e By statute 8 & 9 W. III. c. 93.9 an easier method of carrying on the proceedings on a writ of partition, of lands held either in joint tenancy, parcenary, or common, than was used at the common law, is chalked out and provided.
9 Ninth edition reads, "31."
f Co. Litt. 164, 165.
4 Previously, "But this privilege of seniority is then."
4 The second and third editions omit, but the first is as in the text.
There is yet another consideration attending the estate in coparcenary; that if one of the daughters has had an estate given with her in frankmarriage by her ancestor (which we may remember was a species of estates-tail, freely given by a relation for advancement of his kinswoman in marriage ) in this case, if lands descend from the same ancestor to her and her sisters in fee-simple, she or her heirs shall have no share of them, unless they will agree to divide the lands so given in frankmarriage in equal proportion with the rest of the lands descending. This mode of division was known in the law of the Lombards; which direct the woman so preferred in marriage, and claiming her share of the inheritance, mittere in confusum cum sororibus, quantum pater aut frater ei dederit, quando ambulaverit ad maritum. With us it is denominated bringing those lands into hotchpot: which term I shall explain in the very words of Littleton: "it seemeth that this word hotchpot, is in English a pudding; for in a pudding is not commonly put one thing alone, but one thing with other things together." By this housewifely metaphor our ancestors meant to inform us, that the lands, both those given in frankmarriage and those descending in fee-simple, should be mixed and blended together, and then divided in equal portions among all the daughters. But this was left to the choice of the donee in frankmarriage; and if she did not choose to put her lands in hotchpot, she was presumed to be sufficiently  provided for, and the rest of the inheritance was divided among her other sisters. The law of hotchpot took place then only, when the other lands descending from the ancestor were fee-simple; for, if they descended in tail, the donee in frankmarriage was g See pag. 115.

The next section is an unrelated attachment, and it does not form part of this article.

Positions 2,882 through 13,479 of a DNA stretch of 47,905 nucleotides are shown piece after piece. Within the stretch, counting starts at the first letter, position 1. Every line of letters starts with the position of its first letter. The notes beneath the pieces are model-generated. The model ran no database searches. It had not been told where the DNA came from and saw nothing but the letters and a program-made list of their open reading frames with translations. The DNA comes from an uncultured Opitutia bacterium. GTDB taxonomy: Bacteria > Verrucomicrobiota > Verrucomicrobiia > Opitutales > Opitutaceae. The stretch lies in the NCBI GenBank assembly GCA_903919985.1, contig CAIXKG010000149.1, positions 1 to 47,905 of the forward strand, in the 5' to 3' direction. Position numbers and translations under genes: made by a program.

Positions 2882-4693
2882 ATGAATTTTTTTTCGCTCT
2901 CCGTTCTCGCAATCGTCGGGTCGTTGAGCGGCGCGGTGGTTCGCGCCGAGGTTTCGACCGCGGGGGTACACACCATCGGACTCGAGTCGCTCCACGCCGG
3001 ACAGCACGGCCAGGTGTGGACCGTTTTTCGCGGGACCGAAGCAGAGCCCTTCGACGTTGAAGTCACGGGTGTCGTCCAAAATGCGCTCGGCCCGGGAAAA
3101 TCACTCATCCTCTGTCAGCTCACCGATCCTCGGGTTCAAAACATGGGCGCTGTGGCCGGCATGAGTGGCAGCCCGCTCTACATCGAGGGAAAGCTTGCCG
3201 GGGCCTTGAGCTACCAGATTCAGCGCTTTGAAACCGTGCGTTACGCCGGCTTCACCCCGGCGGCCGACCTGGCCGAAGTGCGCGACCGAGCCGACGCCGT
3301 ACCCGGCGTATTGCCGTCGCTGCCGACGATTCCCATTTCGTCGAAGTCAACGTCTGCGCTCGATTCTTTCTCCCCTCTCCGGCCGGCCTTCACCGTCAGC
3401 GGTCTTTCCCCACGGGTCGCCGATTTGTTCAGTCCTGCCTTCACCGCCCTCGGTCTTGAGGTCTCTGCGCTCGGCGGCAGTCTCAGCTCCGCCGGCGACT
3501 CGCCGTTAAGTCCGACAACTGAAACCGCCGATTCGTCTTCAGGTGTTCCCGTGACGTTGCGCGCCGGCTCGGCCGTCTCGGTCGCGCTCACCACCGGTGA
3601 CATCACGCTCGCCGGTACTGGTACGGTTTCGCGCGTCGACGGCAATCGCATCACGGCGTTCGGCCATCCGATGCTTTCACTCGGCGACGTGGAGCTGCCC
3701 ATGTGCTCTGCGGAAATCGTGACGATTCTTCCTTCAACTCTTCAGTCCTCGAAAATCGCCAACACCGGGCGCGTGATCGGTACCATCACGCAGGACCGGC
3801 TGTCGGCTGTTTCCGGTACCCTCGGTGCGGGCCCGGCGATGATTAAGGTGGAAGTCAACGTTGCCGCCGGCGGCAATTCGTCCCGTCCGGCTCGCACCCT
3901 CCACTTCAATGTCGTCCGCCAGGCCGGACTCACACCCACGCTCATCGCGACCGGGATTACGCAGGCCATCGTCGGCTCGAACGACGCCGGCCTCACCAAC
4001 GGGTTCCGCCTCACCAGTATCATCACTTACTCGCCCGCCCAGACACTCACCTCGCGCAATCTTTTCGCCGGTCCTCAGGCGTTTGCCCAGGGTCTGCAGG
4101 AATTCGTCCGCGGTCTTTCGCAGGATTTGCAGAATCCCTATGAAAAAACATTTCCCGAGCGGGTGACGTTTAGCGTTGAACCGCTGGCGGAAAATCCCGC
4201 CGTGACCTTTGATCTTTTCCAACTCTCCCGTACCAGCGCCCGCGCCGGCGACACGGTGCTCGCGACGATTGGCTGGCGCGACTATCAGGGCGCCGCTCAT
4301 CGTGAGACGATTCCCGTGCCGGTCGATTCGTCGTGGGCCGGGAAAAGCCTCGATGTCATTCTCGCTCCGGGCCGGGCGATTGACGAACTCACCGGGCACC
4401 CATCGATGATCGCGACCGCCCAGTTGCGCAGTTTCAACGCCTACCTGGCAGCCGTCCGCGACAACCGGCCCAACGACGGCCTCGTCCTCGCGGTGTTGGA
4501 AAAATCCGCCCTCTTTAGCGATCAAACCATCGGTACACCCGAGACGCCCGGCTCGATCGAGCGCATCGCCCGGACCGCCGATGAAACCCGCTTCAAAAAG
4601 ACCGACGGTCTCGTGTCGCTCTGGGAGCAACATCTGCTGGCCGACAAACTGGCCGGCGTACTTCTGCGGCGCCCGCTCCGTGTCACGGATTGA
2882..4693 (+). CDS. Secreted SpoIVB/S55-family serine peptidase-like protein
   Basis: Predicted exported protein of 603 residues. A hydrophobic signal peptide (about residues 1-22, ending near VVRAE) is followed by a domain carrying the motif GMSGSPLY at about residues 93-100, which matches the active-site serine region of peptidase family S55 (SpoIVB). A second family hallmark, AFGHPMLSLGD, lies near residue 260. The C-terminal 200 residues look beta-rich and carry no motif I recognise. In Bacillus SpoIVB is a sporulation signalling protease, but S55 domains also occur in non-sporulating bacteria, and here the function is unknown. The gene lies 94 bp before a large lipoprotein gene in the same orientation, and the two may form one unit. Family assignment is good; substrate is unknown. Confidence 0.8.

h Bracton. l. 2. c. 34. Litt. § 266. 273. m Litt. 268.
i l. 2. t. 14. c. 15.
k Britton. c. 72.
4 Previously, "general."
9 Ninth edition reads "into."
*-* Quoted, 2 R. I. 250. Cited, 4 Gratt. 390.
entitled to her share, without bringing her lands so given into hotchpot." And the reason is, because lands descending in fee-simple are distributed by the policy of law, for the maintenance of all the daughters; and, if one has a sufficient provision out of the same inheritance, equal to the rest, it is not reasonable that she should have more: but lands, descending in tail, are not distributed by the operation of law, but by the designation of the giver, per forman doni; it matters not therefore how unequal this distribution may be. Also no lands, but such as are given in frankmarriage, shall be brought into hotch pot; for no others are looked upon in law as given for the advancement of woman, or by way of marriage-portion. And therefore, as gifts in frankmarriage are fallen into disuse, I should hardly have mentioned the law of hotchpot, had not this method of division been revived and copied by the statute for distribution of personal estates, which we shall hereafter consider at large.*